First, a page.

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Hello, I've been testing my first build for a few weeks now, and I have a BFD, Reckhorn B1 and EP2500. These all have the capability to manage the subsonic range, but I'm not sure how to be sure. When I measure in REW it is measuring the SPL which includes ports and room gain, so I'm not sure where my actual High-Pass is working at. I recently bottomed out or came close playing some Daft Punk with a house curve, even though the B1 subsonic was around 15-20Hz, and I don't know a way to keep that from happening since it's different with every media and config.

What am I supposed to do to make sure I don't bottom out; is there a way to measure and or simply limit the signal sent at each frequency?
 

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is there a way to measure
You can certainly use REW to measure the frequency response of the BFD and Reckhorn.
First measure a loopback cable from line-out to line-in of your soundcard to be sure you get a flat straight line response. Then simply include the BFD and Reckhorn in that loop and take a response measure.

brucek
 

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I have a BFD, Reckhorn B1 and EP2500. These all have the capability to manage the subsonic range...
Not really. The BFD has no subsonic filter. The EP2500’s lowest setting is 30 Hz. I doubt you want that, even if you could measure it.

That leaves the Reckhorn. You might measure it with REW using the method brucek mentioned, and mark the dial for increments between 10-25 Hz to give you a better idea of where it’s working.

In the end this may not do much for you, because there are so many variables. A subsonic filter won’t necessarily “save the day” because its rated slope assumes a flat incoming signal. Problem is, you’re seldom feeding the system a flat signal.

For instance, say you have a 20 Hz high pass filter. A 20 Hz one-octave filter from an equalizer boosted 12 dB will essentially blow out the high pass filter and easily extend its rollout point a full half-octave (to 15 Hz).

Don’t think you’re out of the woods if you don’t use any boosting filters. Cutting filters can also be used to extend a sub’s acoustic response. Basically, anything you do with an equalizer to make your sub “dig deeper” will override a high pass filter to a certain extent.

Even if you don’t use an equalizer to extend response, you still have the issue of equalization from the program material. The movie studios mix their programming on systems that are tailored to the X curve, which rolls out the bass response below 63 Hz at 3 db/octave. That’s going to put response at their dubbing stage down 5 dB at 20 Hz. How do you think they overcome that if the producer wants some room-shaking bass? They equalize, of course, to overcome the X curve. Take that DVD to a home system that’s flat below 63 Hz you end up with another 5 dB of boost at 20 Hz for "free," on top of whatever they dialed in.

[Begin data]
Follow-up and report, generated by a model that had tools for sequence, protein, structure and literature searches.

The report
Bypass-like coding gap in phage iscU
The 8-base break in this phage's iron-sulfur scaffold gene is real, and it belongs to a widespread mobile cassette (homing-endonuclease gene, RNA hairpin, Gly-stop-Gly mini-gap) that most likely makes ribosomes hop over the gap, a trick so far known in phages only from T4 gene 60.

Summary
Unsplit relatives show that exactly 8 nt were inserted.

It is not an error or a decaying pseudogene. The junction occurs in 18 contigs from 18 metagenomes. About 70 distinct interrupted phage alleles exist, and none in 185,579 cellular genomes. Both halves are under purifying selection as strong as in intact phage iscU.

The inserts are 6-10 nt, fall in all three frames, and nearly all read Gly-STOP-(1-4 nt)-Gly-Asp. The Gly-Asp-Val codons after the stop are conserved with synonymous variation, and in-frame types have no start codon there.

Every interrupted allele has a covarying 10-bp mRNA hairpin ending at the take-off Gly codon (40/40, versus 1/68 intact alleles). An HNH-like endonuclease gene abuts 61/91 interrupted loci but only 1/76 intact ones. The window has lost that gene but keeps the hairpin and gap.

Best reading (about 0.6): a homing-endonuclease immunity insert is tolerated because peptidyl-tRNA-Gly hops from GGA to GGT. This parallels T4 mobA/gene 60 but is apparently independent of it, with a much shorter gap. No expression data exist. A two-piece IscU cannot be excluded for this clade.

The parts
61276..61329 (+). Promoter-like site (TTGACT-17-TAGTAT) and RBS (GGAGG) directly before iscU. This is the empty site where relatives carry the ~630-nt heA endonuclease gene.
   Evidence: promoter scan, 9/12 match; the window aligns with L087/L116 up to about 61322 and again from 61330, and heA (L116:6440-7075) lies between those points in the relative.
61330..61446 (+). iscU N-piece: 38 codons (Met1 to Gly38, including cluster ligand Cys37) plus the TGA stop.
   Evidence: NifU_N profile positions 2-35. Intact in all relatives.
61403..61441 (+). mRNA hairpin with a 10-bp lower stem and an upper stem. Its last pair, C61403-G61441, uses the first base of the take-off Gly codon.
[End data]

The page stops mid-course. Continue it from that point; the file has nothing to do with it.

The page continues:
Basically, it looks like you possibly don’t have enough headroom. Short of upgrading your sub, my suggestion is to replay that Daft Punk CD and dial up the Reckhorn’s high pass filter until the sub no longer bottoms out.

Regards,
Wayne
 

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Discussion Starter #4
Thanks for the help! What I meant by the Ep2500 and BFD, is that I had been using them in concert (30Hz HPF and BFD 20Hz boost) to create a roll-off at 17Hz. The real issue, however, is I don't know exactly what frequency was bottoming it out, since the Reckhorn seems to all a bit more subsonic through than the aforementioned method, and it could be just sending too much 5Hz or 10Hz or whatever, and I just need a more precise cutoff point. BTW the test was much higher than comfortable; I'm not complaining!

I just don't know exactly what the driver can handle, so I can't create the correct roll-off until I know where it should be. Am I supposed to just look at the WinISD model and treat it literally for my HPF; is that the only way to know what you should expect it to handle?

 

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What I meant by the Ep2500 and BFD, is that I had been using them in concert (30Hz HPF and BFD 20Hz boost) to create a roll-off at 17Hz.
It would require a pretty wide filter with a substantial boost to pull that off.


I just need a more precise cutoff point.
Judging from the graphs on your build thread, it looks like your sub is “done” at about 20 Hz. The 20 Hz BFD filter is essentially over-riding the EP’s subsonic filter, so the actual boost you’re getting down low will be substantially less than what the BFD indicates. Still, you have no way of predicting (or measuring) what the BFD is actually doing down there. It will depend on the width of the filter and the level of boost, none of which you can effectively measure. If it ends up that you’re actually electronically boosting response below 20 Hz – well, I understand that’s a big no-no with a ported sub that’s tuned to 19-22 Hz. (You aren’t supposed to boost below the port tuning point.)

Aside from that – and I hope I don’t come off as a jerk here - but it strikes me as silly to use the EP and BFD to “manufacture” an unpredictable high pass when you have the Reckhorn. I suggest using REW on the B1 to determine where it establishes a 20 Hz HP and go with that, since 20 Hz is the in-room limitation of your sub. That plus eliminating that stuff with the EP and BFD should take care of the problem.

I have a few more thoughts that I’ll post on your build thread (they’d be off-topic here).

Regards,
Wayne
 
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